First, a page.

Review: It's been a long time since DJ Kolt linked up with his brother DJ Noronha and DJ Peligroso for a Blacksea Nao Maya session - five years to be precise. But the wait has arguably been worth it... Taking their distinctive Lisbon kuduro brew to deeper, darker places, there's a strong theme of trippy timewarping as the trio push, squeeze and cajole us through eight new instrumentals. From the slo-mo tension and ominous weight of opener 'Terror' to the more hopefully, bubbly afrobeat finale 'Africanalidade' by way of stirring mid-point adventures like the woozy, Vangelis-facing 'Horizonte' and the curmudgeonly offbeat kuduro drums of '7even', it's another truly singular set from the Principe collective.
Review: Four years after they blasted into the disco ether with their debut album Bodies, Canadian duo return with their second album and build on the hooky, big-groove signature they've been carefully developing. While their debut was a wide-cast net that showcased a rich, broad palette, Made Me Feel is a much finer focus on their penchant for disco and house. Warm, jacking and full of the good-time bubbles we're all craving in 2020, cuts like the filtered sample-slapper "It's Coming Down" nod to NY dons like Joeski, "Love Was Real" chows down on the seminal French touch sound from the late 90s while "Flame" is pure, unabashed Dave Lee level funky house. Concluding the O'Neal-style 80s soul of "Ready For Me", it's another impressive body of work from the hardworking duo.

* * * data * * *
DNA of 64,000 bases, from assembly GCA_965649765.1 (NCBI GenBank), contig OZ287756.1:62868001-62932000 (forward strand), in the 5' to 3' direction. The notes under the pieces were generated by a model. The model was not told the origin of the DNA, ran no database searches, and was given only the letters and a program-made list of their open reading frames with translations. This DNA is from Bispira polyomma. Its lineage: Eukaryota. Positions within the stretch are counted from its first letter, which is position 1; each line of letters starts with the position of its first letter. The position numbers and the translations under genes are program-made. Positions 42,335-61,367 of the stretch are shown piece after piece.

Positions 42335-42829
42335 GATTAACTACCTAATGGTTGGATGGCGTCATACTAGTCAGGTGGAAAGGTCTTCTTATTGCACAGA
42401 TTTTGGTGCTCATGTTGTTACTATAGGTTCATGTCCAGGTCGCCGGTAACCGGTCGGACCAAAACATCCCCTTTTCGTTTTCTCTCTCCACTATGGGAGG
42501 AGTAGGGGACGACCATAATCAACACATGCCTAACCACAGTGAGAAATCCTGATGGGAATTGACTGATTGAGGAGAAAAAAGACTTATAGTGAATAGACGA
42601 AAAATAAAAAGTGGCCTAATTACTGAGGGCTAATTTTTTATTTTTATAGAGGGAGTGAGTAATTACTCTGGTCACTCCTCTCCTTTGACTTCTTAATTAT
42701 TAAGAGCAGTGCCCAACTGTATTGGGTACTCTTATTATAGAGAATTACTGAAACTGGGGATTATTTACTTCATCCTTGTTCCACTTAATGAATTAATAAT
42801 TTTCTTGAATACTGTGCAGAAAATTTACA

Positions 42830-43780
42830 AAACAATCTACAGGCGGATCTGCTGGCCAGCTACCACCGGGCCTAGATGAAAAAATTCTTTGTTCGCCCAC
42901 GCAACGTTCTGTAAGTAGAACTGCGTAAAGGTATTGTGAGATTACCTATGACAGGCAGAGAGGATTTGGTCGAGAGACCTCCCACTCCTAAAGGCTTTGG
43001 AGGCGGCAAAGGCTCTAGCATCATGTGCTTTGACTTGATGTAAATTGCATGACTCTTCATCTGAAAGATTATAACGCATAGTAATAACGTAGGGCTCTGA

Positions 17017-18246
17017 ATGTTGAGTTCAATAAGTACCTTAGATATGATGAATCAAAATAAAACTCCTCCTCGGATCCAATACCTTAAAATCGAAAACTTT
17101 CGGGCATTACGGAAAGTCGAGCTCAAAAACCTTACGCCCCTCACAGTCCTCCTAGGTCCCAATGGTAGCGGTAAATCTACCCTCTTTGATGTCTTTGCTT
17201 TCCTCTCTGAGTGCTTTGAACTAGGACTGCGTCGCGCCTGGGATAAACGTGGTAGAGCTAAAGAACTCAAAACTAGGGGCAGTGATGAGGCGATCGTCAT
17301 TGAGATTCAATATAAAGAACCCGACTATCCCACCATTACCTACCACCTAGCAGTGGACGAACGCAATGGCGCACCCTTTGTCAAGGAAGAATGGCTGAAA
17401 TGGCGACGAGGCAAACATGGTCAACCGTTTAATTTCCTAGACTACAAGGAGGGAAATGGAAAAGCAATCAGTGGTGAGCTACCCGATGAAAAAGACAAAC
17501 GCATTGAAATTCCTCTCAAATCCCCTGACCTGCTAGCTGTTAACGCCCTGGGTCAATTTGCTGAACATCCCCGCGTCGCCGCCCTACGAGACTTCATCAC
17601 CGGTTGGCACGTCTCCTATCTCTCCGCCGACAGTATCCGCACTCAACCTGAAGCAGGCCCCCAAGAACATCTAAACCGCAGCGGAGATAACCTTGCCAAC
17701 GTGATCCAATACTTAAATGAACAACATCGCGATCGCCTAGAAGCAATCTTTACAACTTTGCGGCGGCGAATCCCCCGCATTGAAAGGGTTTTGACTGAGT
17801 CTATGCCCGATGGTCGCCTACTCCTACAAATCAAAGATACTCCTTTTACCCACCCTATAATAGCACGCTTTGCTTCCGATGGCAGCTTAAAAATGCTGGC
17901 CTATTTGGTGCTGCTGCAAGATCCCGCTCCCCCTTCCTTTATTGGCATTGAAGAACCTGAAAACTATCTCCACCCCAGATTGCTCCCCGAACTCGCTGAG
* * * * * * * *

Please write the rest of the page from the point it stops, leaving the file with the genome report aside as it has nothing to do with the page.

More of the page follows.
Review: After a blazing series of sounds across the likes of Idle Hands and his own co-run label Wisdom Teeth, London-based K Lone reveals even more of his musical depths with his debut album Cape Circa. Beautifully subdued, warm and hypnotic, K Lone carefully crafts a whole narrative using minimal instruments and textures throughout. Vibrating with a timeless style that nods to dub techno and the deeper side of Detroit, highlights include the sweet harmonics of tracks like "Honey" and "Cocoa" to the dreamy lullaby-like charm of cuts such as "Bluefin" and the delicate, trembling finale "Happened". A perfect, ultimately calming soundtrack to these strange, turbulent times.
Review: The brilliantly dark world of breakbeats and stripped back techno that Illian Tape call their own gets that bit richer with this new EP from Pessimist. It kicks off with some rugged jungle rides that are coloured by bird calls, wood block hits and booming bass before 'The Crawlers' is a flurry of snares and hi hats that tie your mind and body in knots. The excellent 'Ridge Racer Revolution' is a hardcore track that never lets up, with flailing hits and hundred mile and hour breaks all demanding you dance. The closer is a dystopian cut of unresolved loops ad frazzled bass that lurches back and forth and traps you right where it wants you. Thrilling stuff.